The latest annual State of the Service report from the Australian Public Service Commission found that 1 in 6 APS workers had been bullied or harassed in the 2015-2016 year, with the worst perpetrators being colleagues or senior personnel.
Verbal abuse was the most commonly reported form of harassment or bullying, followed closely by interference with work tasks such as withholding important information or deliberately undermining or sabotaging a person’s work efforts.
Bullying and harassment represent the more extreme sides of office politics, but how does anyone learn to handle the multitude of personalities – some more dominant others – as they go about their daily work?
James Judge, CEO of Australian Human Resource Professionals and an expert in workplace conflict resolution and employee engagement stresses that, “The term office politics is often talked about in a negative sense, but it can be both beneficial and harmful. When you have people coming together, working towards a common goal and sharing resources and a workspace, there is going to be human interaction. This means differences of opinion and varied communication styles.
These are then amplified by workplace hierarchies and power relationships – which combine to create ‘office politics’. It is only negative when people are using dishonest, harmful or disrespectful tactics at work. Left unchecked, this can lead to serious conflicts.”
James says that almost all workers are affected by office politics to some degree, however the higher up the chain it progresses the more it can impact the entire organisation. “There is an old saying that ‘the fish rots from the head’. When you have senior managers who engage in negative behaviours it often sets the tone for everyone.
One problem in some parts of the public service is people running teams who have under-developed people skills or low levels of emotional intelligence. Most organisations offer training courses, but it’s rare that the effectiveness of these courses is actually measured. Often sending someone on a course is easier than looking at other ways to effectively build capacity or address underlying poor behaviours or practices.”
So who is responsible for ensuring office politics remain positive?
“Everyone in a workplace has a responsibility over their own actions. Managers obviously need to play an additional role by setting the ground-rules and ensuring their teams stick to them. Organisations also need coherent values that are widely understood and applied (and seen to be applied) in decision making processes. By that I mean they aren’t just a set of words stuck to a notice board in the tea room or only mentioned in job interviews.
Some experts believe that unresolved conflict represents the largest reducible cost in many businesses, yet it remains largely unrecognised. Ensuring that unhealthy conflict is recognised and resolved at the earliest possible opportunity is something leaders and managers must be attuned to.”
So what are some strategies individuals can use to deal with office politics?
James quotes three he believes are essential…
1. Choose how you will respond
You might not be able to change the fact that your colleague/boss doesn’t have great people skills, but how you choose to respond is within your sphere of control.
2. Call bad behaviours when you see them
This doesn’t mean being unnecessarily confrontational, but raising objectionable behaviours with the person concerned at the right time, in a respectful way.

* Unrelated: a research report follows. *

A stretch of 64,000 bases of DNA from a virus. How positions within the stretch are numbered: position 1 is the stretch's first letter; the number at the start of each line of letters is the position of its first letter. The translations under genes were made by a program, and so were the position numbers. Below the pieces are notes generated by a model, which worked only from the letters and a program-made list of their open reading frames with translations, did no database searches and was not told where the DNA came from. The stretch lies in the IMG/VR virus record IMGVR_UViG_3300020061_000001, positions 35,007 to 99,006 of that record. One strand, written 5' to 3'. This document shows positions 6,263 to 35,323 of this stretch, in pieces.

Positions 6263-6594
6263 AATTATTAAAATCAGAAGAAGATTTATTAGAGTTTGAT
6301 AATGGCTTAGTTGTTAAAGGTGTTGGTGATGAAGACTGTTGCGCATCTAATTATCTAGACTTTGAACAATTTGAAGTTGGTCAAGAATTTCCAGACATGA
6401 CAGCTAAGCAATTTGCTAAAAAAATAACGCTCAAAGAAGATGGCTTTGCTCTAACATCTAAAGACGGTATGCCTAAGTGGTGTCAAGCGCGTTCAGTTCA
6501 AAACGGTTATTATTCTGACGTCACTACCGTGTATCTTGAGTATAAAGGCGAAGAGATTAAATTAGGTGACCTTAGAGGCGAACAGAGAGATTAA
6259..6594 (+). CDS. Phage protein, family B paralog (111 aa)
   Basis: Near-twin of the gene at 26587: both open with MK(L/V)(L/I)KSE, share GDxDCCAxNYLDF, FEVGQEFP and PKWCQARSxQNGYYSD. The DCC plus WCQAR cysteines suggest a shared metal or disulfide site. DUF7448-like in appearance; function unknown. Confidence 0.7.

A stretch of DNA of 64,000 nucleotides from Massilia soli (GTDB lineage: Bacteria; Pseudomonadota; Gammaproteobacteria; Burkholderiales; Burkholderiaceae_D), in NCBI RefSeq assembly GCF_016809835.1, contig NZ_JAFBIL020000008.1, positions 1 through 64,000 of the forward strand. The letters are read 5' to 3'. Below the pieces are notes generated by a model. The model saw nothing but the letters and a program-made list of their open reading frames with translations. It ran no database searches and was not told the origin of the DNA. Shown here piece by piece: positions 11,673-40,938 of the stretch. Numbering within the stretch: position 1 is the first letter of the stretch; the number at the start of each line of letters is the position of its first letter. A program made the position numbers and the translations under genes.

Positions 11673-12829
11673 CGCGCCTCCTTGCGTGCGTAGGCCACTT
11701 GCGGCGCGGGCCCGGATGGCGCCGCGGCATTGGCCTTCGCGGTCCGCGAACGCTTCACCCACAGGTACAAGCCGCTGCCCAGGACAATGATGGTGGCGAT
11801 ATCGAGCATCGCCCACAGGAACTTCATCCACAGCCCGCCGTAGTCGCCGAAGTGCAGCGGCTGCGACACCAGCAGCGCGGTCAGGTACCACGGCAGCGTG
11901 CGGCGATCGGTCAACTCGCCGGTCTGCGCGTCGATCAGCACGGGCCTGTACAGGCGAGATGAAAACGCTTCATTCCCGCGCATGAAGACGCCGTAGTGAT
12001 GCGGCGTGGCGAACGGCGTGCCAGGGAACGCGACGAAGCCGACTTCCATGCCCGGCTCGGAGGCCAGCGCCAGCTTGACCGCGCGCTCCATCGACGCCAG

3. Discuss and normalise positive organisational values
If you’re a manager, look at your organisation’s values and discuss what they mean in terms of how you and your team behave. It’s amazing how often this is overlooked in the public service where a lot of people don’t seem to want to acknowledge or talk about conflict. There’s usually a huge set of people-related policies and procedures that sit on the shelf or intranet, and leaders and managers think ‘Tick, we’ve done that bit!’ Then they expect everyone to read and comply with them and seem genuinely perplexed when it doesn’t happen.
And what to do if office politics turn negative?
“If you’re the victim of bullying then you should definitely familiarise yourself with the people-related policies and procedures in your organisation such as grievance policies, codes of conduct, equity and diversity frameworks and protocols, etc,” says James.
“There are also often separate policies covering bullying and harassment. Industrial instruments like enterprise bargains also contain provisions addressing these issues.
It’s often best to try and resolve the problem quickly and at the lowest level possible but people don’t always have the confidence to do this and there may be significant power imbalances at play. In this case you need to find someone to talk to. There are often designated contact officers within public sector organisations who can be confidentially approached. Your immediate supervisor would also be someone to approach, unless they are the alleged perpetrator, which should be covered in the policy (where a separate contact is often specified).
Good advice is essential and the Fair Work Commission has an anti-bullying jurisdiction so they can help, as could your union or even an employment law specialist if you have deep pockets and you can’t get help quickly elsewhere. Human Resources might also be able to help but may not want to get involved unless a formal complaint is made.
Another thing to do is to keep a record of what happened including when and who was present. It’s very important later if things escalate to be able to give specific details of the actions or omissions that might constitute bullying behaviours.”